Victory Park, Yerevan

From Wikipedia, the free encyclopedia
Jump to navigation Jump to search
Victory Park
Parc victoire1.jpg
Lake Arevik at the Victory Park
TypeUrban park
LocationArmenia Kanaker-Zeytun District, Yerevan, Armenia
Coordinates40°11′45″N 44°31′11″E / 40.19583°N 44.51972°E / 40.19583; 44.51972Coordinates: 40°11′45″N 44°31′11″E / 40.19583°N 44.51972°E / 40.19583; 44.51972
Area34 hectares (84 acres)
Created1950 (1950)
Operated byYerevan City Council
StatusOpen all year

Victory Park (Armenian: «Հաղթանակ» զբոսայգի Haght'anak zbosaygi), is a public park located in the Kanaker-Zeytun District of Yerevan, thw capital of Armenia.[1][2]

History[edit]

The construction of the park was launched during the late 1930s as the "Arabkir city park", within the frames of the development of the Nor Arabkir neighbourhood at the north of Yerevan; the capital of the Armenian Soviet Socialist Republic. After the Great Patriotic War, the park was renamed "Victory Park", commemorating the Soviet victory over Nazi Germany at the Eastern Front of World War II.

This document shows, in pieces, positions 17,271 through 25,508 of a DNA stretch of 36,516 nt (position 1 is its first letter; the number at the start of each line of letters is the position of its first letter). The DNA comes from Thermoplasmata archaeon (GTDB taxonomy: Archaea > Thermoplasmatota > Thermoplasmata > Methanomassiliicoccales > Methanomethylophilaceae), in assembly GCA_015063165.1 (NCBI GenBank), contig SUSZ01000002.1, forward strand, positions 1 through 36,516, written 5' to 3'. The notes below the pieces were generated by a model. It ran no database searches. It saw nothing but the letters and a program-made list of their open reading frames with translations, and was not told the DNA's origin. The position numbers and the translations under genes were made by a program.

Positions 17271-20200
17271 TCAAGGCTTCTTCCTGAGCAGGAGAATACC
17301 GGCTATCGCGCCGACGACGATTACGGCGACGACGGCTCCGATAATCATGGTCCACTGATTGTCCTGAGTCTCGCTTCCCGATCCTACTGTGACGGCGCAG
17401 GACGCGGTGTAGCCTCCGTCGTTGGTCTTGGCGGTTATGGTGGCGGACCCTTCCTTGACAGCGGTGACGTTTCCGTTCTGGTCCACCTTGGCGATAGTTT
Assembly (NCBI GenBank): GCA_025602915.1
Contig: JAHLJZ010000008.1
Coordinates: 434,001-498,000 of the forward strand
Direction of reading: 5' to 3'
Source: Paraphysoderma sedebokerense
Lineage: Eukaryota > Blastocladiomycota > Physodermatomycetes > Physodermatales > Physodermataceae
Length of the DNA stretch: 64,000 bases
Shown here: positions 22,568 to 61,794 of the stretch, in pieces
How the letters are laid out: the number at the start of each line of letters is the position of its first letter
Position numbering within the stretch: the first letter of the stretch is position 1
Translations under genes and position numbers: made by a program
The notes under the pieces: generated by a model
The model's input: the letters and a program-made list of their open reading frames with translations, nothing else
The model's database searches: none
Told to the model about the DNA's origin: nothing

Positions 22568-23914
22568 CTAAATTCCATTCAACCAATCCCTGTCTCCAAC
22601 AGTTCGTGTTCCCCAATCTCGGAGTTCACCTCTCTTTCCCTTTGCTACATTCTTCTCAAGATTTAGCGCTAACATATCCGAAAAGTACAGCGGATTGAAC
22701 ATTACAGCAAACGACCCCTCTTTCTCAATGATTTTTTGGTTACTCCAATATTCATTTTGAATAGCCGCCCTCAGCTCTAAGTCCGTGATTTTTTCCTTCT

After the war, the Victory Park was opened on November 29, 1950, at the 30th anniversary of the Sovietization of Armenia. On the same day, a 17-meters high copper statue of Joseph Stalin designed by People's Artist of the USSR Sergey Merkurov was erected in the park, while the basalt-stoned pedestal of the statue was designed by another People's Artist of the USSR Rafayel Israyelian.

In 1962, the statue of Stalin was dismantled, and replaced by the monumental statue of Mother Armenia in 1967, designed by architect Ara Harutyunyan. In 1970, a museum dedicated to Armenia's role in the Great Patriotic War was opened within the pedestal of the statue. However in 1995, it was turned into the Military Museum of Armenia governed by the Ministry of Defence.

Description[edit]

In 1956, a small amusement park was opened on the eastern portion of the park. In 1958, the construction of the Arevik artificial lake desined by architect Hovhannes Hakobyan was launched, and completed in 1961, while in 1959, a restaurant called Aragil (meaning stork) designed by Rafayel Israyelian was opened in the park.

between 1983 and 1985 the park was closed for major restoration works. On May 9, 1985, the opening of the Heroes Alley and the Unknown Soldier's Tomb took place near the Mother Armenia complex, on the 40th anniversary of the Great Victory at the World War II. In 1989, a new ferris wheel was installed at the amusement park replacing the old one.

Gallery[edit]

References[edit]

  1. ^ "Victory Park - Armenian Travel Bureau". Retrieved 19 August 2015.
  2. ^ "Parks and groves of Yerevan city - MyYerevan.am Portal". Retrieved 19 August 2015.